March 24th, 2010

Pam-Right hand Woman

No. 14 for 2010

Title: Money to Burn
Author: James Grippando
Rating: 4/5
Book: 14/50 (28% completed)
Book in personal challenge with niun: 6/50 Fantasy, 8/50 Mystery and 0/25 Classics
Pages: 358 pgs
Total Pages 5,303/15,000 pages (35.35% completed)
Next up: The Laughing Corpse by Laurell K. Hamilton

Another great read by Grippando. Full of twists, turns and actions, this book definately keeps you on the edge of your seat.

xposted to 50bookchallenge, 15000pages and bookworm84

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Moon Ship

Books 12-13: Superior Saturday by Garth Nix & Erak's Ransom by John Flanagan

Here are books twelve and thirteen from my Book List 2010. The links lead to more detailed reviews in my journal.

12. Title: The Keys to the Kingdom Book Six: Superior Saturday
Author: Garth Nix © 2008
Pages: 278
Thoughts: Link
Review in five words or less: Memorable nemesis; dynamic House politics.
Personal Rating: «««¾ out of five.

"On the sixth day, there was sorcery."

Arthur Penhaligan faces his most cunning nemesis to date, the ruthlessly destructive Superior Saturday. Her domain is the Upper House and she wields a tremendous amount of power with the Sixth Key. Saturday has spent the last few thousand years in the House hatching a plan for ultimate control—control that she feels was wrongly denied to her. Everything in the House is rapidly deteriorating and it is up to Arthur to save everyone from the effects of Saturday's driven quest.

Of all the House trustees that Arthur has faced, Saturday is one of the more memorable ones. She is completely single-minded about her goals and is willing to do anything to achieve them. In this installment, we learn a lot about the political machinations taking place in the House and the distribution of power. Saturday's realm is a bizarre mix of corporate cutthroat sorcery with touches of whimsy. It was absorbing and I'm looking forward to reading the last book in the series which I will start today. I definitely recommend this book and series to those who like YA fantasy.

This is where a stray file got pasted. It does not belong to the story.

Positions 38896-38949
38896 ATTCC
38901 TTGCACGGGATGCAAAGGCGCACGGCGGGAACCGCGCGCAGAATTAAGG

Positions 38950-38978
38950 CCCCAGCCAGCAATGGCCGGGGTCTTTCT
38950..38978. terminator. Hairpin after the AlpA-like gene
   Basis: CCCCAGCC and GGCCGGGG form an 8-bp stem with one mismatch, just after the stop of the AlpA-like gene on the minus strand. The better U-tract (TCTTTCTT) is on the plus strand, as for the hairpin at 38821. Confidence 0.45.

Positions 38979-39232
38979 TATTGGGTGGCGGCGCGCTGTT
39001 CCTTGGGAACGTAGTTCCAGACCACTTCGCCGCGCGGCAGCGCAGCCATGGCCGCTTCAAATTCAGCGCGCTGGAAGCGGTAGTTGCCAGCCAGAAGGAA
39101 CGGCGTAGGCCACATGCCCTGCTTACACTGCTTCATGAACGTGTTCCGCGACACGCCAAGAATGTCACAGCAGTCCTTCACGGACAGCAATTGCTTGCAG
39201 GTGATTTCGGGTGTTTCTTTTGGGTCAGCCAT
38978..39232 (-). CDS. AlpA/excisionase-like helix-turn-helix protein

13. Title: Ranger's Apprentice Book 7: Erak's Ransom
Author: John Flanagan © 2007
Pages: 373
Thoughts: Link
Review in five words or less: Action-packed; riveting battle scenes.
Personal Rating: ««««¼ out of five.

Will's adventures continue when Erak, the Oberjarl of Skandia is kidnapped and held for ransom. Erak has close personal ties to Will and Halt and they agree to accompany a diplomatic contingent to Arrida to negotiate the ransom and safe release of the Oberjarl.

While traveling through the desert in Arrida, Will becomes separated from the delegation. Alone and unused to the harsh and exacting desert climate, he must somehow find a way to survive the elements and continue the mission. Meanwhile, the others have their own set of problems when confronted by dangerous nomads.

Even though the books are pretty predictable, I really like this series a lot, and this story was wonderfully riveting addition. Though the series centers around Will, it was great to see other characters from past books here. I was particularly pleased to see Gilan, one of my favorite secondary characters. As usual, Flanagan does a remarkable job with writing battle and action scenes. I thoroughly enjoyed reading this book and I definitely recommend it to those who like the Ranger's Apprentice series.

13 / 50 books. 26% done!

4445 / 15,000 pages. 30% done!

Book 10 - The Bone Collector | Book 11 - The Coffin Dancer

book 10Title: The Bone Collector
Author: Jeffery Deaver
Genre: Crime Fiction, Thriller

Plot: Noted forensic specialist Lincoln Rhyme was left a quadruplegic after an accident at a crime scene. But his brilliant mind is needed when a serial killer starts kidnapping and killing people in his home of New York City. He begins to teach protegée Amelia Sachs the procedures of Crime Scene work as they hunt down the killer.